Stephen Malkmus and Parquet Courts explore indie-rock freedom in an age of decreased opportunity

Parquet Courts

Parquet Courts Ebru Yildiz

Stephen Malkmus has written a political song.

You might even call it a protest song. Yes, the same Stephen Malkmus who was once in Pavement. No, it’s not very good.

“Bike Lane” appears to conflate gentrification and the murder of Freddie Gray. The former Pavement frontman chirps “another beautiful bike lane” in the chorus, then, with no greater vocal gravitas, relates the circumstances surrounding Gray’s death at the hands of Baltimore police in the verses. The intentions are good (aren’t they always?), but the irony feels cheap, somehow unfair not just to Gray but to two-wheeled yuppies. There’s plenty to say about the use of police violence to erase people of color by any means necessary from an urban landscape that’s been reconfigured for the comfort of a largely white middle class. But exhorting “Go, Freddie, go,” as though the victim were some folkloric hero like Johnny B. Goode or Stagger Lee, fails to extract mythic heroism from actual tragedy.

It’s unsettling to hear a master songwriter (who, incidentally, will play a sold-out Turf Club show on Friday) attempt to adapt his gifts to the necessities of the cultural moment only to prove his time-tested sensibility a mismatch for the endeavor. Fortunately, the bulk of Malkmus’ new album, Sparkle Hard, is a rewarding push-and-pull between his style and the substance of the world around him. Set alongside Wide Awake!, the latest album from his spiritual descendants in the band Parquet Courts, it raises hope that contemporary indie rock can be smartly political—not by serving up slogans to shout in the street or analysis to be pondered, but by refracting our experiences through word and sound in a way that refines our emotional response to the blare that otherwise engulfs us.

Malkmus has now led his band the Jicks (whoever they happened to be at the moment) for about a half-decade longer than Pavement existed. Because the 51-year-old dad and husband is now a hobbyist exploring niches rather than a young visionary, each Jicks album has, in its own brilliantly idiosyncratic way, seemed quite unnecessary—and I mean that as the highest praise. So much great art arises in defiance of oppression, we’re in danger of believing that suffering, either personal or collective, is needed to create. By contrast, so much of indie rock has been music born of privilege (as bohemian art often is), and its challenge is to not squander that privilege but to address a simple yet utopian question: What art would you make if you weren’t driven by necessity?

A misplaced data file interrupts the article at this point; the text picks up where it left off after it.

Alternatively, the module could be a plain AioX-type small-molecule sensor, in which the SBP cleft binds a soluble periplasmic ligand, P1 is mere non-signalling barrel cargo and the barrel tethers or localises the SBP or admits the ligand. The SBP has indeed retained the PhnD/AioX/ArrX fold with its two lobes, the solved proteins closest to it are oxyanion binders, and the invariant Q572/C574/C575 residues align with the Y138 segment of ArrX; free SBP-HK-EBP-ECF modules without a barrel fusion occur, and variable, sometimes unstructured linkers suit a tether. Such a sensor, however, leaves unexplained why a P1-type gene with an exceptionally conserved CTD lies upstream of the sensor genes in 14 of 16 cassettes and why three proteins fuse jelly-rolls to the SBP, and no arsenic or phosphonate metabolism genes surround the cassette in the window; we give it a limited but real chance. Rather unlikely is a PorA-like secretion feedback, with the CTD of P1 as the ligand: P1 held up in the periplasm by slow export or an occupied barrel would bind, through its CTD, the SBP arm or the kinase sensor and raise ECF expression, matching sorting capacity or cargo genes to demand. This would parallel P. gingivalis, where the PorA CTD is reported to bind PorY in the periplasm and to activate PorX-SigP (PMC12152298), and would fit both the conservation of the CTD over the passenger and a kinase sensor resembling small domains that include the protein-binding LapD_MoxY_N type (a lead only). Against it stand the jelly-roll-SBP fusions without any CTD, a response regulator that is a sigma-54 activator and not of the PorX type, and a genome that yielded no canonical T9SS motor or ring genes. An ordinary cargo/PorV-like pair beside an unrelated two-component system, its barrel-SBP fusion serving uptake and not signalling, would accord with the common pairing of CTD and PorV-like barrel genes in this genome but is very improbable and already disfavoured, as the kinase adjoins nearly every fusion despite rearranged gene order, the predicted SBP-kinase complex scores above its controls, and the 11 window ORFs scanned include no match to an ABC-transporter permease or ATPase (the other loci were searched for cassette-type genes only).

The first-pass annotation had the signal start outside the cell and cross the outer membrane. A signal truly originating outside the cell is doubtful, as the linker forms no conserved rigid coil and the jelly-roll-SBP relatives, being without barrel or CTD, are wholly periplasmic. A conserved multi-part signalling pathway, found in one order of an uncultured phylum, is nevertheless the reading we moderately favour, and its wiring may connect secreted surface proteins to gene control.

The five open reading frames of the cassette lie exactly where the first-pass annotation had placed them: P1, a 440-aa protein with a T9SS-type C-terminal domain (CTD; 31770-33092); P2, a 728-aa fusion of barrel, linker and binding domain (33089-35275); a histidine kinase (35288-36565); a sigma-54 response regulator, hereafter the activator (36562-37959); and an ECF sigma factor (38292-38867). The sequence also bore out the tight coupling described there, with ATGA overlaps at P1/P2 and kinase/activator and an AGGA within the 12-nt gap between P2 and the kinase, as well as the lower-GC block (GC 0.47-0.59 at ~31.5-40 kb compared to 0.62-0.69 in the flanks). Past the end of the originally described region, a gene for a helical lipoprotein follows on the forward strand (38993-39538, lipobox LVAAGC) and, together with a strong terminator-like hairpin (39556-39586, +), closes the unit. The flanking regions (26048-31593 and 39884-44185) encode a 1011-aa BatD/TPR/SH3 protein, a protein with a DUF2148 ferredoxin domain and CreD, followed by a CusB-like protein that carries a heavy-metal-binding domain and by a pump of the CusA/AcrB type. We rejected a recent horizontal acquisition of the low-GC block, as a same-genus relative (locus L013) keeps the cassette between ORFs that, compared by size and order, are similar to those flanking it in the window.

But now it’s 2018, and Malkmus sings, “There’s no room left to do/Everything that you said you’d do.” Throughout Sparkle Hard, reality limits what can be imagined, as current events surface like subconscious fears misshaping themselves into dreams. Malkmus’ lyrics are as collagist as ever, but phrases as unremarkable “men are scum” or “you know you should be winning” on songs titled as simply as “Middle America” resonate far beyond their basic meanings, and statements like “Come from the underground/Throw me right back where I belong” feel like wishful thinking. When the lyric “I’m not looking for the kind of guy who’ll turn my third place medal into gold” later turns into “I’ll start looking...,” it’s like hearing a history of how 21st-century American megacapitalism has diminished our dreams, compressed into a single song.